An Uber self-driving car undergoing testing in San Francisco. Photo: Justin Sullivan/Getty Images

Uber says it will continue to invest heavily in automated driving technology, while admitting it has fallen behind competitors that could steal away customers with lower prices.

Why it matters: Uber co-founder Travis Kalanick once called autonomous vehicles “existential” to its survival but now, in an SEC filing, the ride-hailing company sounds more conservative, predicting a long period of "hybrid autonomy" and a continued reliance on human drivers for the foreseeable future.

Driving the news: Uber filed its long-awaited IPO on Thursday, seeking an initial market valuation of between $90 billion and $100 billion.

The big picture: The prospectus sheds some light on the company's AV efforts.

  • Uber spent $457 million last year on research and development of AVs, flying cars (known as eVTOLs) and other technology programs — and expects to increase its investments in the near-term.
  • Its Advanced Technologies Group (ATG) has built over 250 self-driving vehicles, collected data from "millions" of AV testing miles, and completed tens of thousands of passenger trips.
  • Even when robo-taxis are deployed, Uber said it will still need human drivers for situations that "involve substantial traffic, complex routes, or unusual weather conditions."

Three key partnerships could determine Uber's future strategy on self-driving cars:

  • Toyota: Uber will fit its AV technology into purpose-built Toyotas.
  • Volvo: Uber will develop its own fleet of self-driving cars based on Volvo's XC90.
  • Daimler: The German carmaker will introduce its own fleet of vehicles on Uber's network.

Yes, but: Uber said it expects competitors to launch commercial AVs at scale before it does, and warned that without drivers, rivals could slash prices on ride-hailing, meal delivery or logistics services.

  • Robo-taxis and delivery AVs are likely to roll out city-by-city, each operated by different AV companies: Waymo in Phoenix, GM Cruise in San Francisco and Ford in Miami.
  • With virtually no switching costs, that could make it difficult for Uber to defend its dominant market share.
  • Like its smaller rival Lyft, which went public earlier this month, Uber can't count on AVs to turn it into a profitable enterprise.

Go deeper: Uber's self-driving car unit lost $20 million a month. That's normal.

Editor's note: This story has been updated to clarify former CEO Travis Kalanick’s chacterization of AVs as "existential" to the business.

Go deeper

Updated 1 hour ago - Politics & Policy

Coronavirus dashboard

Illustration: Sarah Grillo/Axios

  1. Global: Total confirmed cases as of midnight ET: 19,792,519— Total deaths: 730,089 — Total recoveries — 12,060,877Map.
  2. U.S.: Total confirmed cases as of midnight ET: 5,044,821 — Total deaths: 162,938 — Total recoveries: 1,656,864 — Total tests: 61,792,571Map.
  3. Politics: Pelosi says states don't have the funds to comply with Trump's executive order on unemployment — Mnuchin says Trump executive orders were cleared by Justice Department.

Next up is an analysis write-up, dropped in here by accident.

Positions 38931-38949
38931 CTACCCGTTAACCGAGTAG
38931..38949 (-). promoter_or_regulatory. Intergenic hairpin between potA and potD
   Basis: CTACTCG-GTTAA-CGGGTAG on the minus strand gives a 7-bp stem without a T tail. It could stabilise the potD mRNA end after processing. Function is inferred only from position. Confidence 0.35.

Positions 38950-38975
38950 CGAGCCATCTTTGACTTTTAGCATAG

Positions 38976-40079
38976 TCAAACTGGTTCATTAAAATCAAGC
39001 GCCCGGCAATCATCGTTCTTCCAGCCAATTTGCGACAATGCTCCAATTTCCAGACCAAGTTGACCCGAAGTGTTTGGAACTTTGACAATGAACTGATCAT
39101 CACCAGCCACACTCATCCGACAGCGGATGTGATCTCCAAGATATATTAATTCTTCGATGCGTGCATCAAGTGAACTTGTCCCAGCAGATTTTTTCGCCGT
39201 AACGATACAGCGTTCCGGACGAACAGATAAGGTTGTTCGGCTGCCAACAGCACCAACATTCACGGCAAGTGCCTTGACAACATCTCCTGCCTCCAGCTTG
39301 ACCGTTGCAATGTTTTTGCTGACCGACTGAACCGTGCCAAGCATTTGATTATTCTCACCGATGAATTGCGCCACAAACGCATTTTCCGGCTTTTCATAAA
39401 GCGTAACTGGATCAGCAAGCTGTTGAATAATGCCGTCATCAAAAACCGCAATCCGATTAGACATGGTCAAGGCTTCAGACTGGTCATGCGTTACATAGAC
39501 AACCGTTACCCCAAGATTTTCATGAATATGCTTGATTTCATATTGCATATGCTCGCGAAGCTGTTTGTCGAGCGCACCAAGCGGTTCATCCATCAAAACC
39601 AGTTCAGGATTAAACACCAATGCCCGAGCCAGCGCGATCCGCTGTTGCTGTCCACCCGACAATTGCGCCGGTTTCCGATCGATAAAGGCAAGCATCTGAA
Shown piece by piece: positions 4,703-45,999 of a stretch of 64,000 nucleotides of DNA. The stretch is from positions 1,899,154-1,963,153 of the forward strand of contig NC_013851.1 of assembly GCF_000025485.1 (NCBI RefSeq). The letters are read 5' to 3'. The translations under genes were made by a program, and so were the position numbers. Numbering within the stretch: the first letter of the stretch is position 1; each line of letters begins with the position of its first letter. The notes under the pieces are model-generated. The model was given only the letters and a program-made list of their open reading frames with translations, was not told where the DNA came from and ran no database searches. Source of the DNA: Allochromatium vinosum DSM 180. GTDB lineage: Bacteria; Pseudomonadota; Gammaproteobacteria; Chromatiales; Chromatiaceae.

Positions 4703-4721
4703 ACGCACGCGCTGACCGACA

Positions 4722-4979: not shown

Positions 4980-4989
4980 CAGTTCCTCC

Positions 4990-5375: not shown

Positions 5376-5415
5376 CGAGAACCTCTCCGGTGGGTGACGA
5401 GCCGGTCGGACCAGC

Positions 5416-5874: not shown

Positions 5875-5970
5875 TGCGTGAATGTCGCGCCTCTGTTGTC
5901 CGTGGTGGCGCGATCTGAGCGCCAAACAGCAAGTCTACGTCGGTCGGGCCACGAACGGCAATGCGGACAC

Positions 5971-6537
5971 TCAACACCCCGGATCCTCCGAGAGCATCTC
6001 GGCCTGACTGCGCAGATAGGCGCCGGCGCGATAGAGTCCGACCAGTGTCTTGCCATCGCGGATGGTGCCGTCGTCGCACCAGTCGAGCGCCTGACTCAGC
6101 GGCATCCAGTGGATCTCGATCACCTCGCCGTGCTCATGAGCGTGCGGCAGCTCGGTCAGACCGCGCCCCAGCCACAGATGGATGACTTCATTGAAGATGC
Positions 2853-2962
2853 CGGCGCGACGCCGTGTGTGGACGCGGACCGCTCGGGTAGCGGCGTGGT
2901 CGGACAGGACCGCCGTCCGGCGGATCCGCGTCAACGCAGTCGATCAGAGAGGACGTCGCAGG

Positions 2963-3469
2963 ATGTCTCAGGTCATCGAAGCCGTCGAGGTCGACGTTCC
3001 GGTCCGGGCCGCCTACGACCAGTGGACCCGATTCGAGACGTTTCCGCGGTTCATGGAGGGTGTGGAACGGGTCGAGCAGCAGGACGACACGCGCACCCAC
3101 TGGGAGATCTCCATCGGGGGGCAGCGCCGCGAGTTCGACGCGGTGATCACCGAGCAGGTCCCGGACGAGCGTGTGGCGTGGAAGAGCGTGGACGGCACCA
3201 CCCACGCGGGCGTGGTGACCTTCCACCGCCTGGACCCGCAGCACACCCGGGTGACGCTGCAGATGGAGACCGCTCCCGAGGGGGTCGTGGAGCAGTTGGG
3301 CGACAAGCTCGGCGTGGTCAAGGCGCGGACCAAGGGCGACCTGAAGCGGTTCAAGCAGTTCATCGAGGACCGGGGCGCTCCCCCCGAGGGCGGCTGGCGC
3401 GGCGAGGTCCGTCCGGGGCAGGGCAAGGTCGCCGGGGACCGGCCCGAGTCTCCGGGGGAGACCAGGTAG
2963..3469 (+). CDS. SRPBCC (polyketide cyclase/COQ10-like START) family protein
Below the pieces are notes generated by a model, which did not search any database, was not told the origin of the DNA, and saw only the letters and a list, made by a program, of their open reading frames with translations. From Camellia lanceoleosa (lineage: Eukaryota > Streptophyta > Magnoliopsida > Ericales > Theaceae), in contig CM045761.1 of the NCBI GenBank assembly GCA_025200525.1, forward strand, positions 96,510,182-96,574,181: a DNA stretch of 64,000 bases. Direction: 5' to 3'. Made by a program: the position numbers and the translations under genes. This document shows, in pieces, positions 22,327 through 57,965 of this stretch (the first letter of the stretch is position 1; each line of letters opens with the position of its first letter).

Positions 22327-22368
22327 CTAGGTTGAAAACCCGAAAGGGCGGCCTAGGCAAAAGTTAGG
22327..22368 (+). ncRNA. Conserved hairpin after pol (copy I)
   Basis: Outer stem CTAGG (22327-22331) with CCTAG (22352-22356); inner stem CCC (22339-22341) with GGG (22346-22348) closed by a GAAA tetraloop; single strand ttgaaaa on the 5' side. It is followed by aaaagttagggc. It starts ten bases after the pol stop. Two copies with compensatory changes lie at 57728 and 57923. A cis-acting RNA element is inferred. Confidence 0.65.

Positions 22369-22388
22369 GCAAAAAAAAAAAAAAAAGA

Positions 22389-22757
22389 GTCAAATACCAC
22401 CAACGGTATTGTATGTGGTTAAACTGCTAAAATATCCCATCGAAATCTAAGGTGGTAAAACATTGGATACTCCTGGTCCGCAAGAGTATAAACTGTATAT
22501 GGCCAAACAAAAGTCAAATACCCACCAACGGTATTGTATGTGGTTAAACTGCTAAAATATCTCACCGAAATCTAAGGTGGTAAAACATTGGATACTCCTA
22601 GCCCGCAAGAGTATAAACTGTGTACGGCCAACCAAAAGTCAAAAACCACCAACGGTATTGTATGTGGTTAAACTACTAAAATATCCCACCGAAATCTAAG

4. States: New York reports lowest rate of positive coronavirus test results since pandemic began
  5. Public health: Ex-FDA head: U.S. will "definitely" see 200,000 to 300,000 virus deaths by end of 2020. 
  6. Schools: 97,000 children test positive for coronavirus in two weeks — Nine test positive at Georgia school where photo showing packed hallway went viral .

97,000 children test positive for coronavirus in two weeks

A boy has his temperature checked as he receives a free COVID-19 test in South Los Angeles in July. Photo: Mario Tama/Getty Images

At least 97,000 children tested positive for COVID-19 in the final two weeks of July and there's been an estimated 338,000 cases involving kids in the U.S. since the pandemic began, a new report finds.

Why it matters: The findings in the report by the American Academy of Pediatrics and the Children’s Hospital Association comes as schools and day cares look to reopen in the U.S., with New York Gov. Andrew Cuomo (D) announcing Friday that school districts in the state can reopen in the fall amid lower coronavirus transmission rates.

Updated 3 hours ago - World

Hong Kong media tycoon Jimmy Lai arrested under national security law

Media tycoon Jimmy Lai at the Next Digital offices in Hong Kong in June. Photo: Anthony Wallace/AFP via Getty Images

Hong Kong pro-democracy activist Jimmy Lai has been arrested for "collusion with foreign powers," said Mark Simon, an executive at the tycoon's media firm Next Digital Monday morning local time.

Why it matters: He was arrested under the new national security law that gives Beijing more powers over the former British colony. Lai is the most prominent person arrested under the law, which prompted the U.S. to sanction Chinese officials, including Hong Kong leader Carrie Lam, over Beijing's efforts to strip the territory of its autonomy.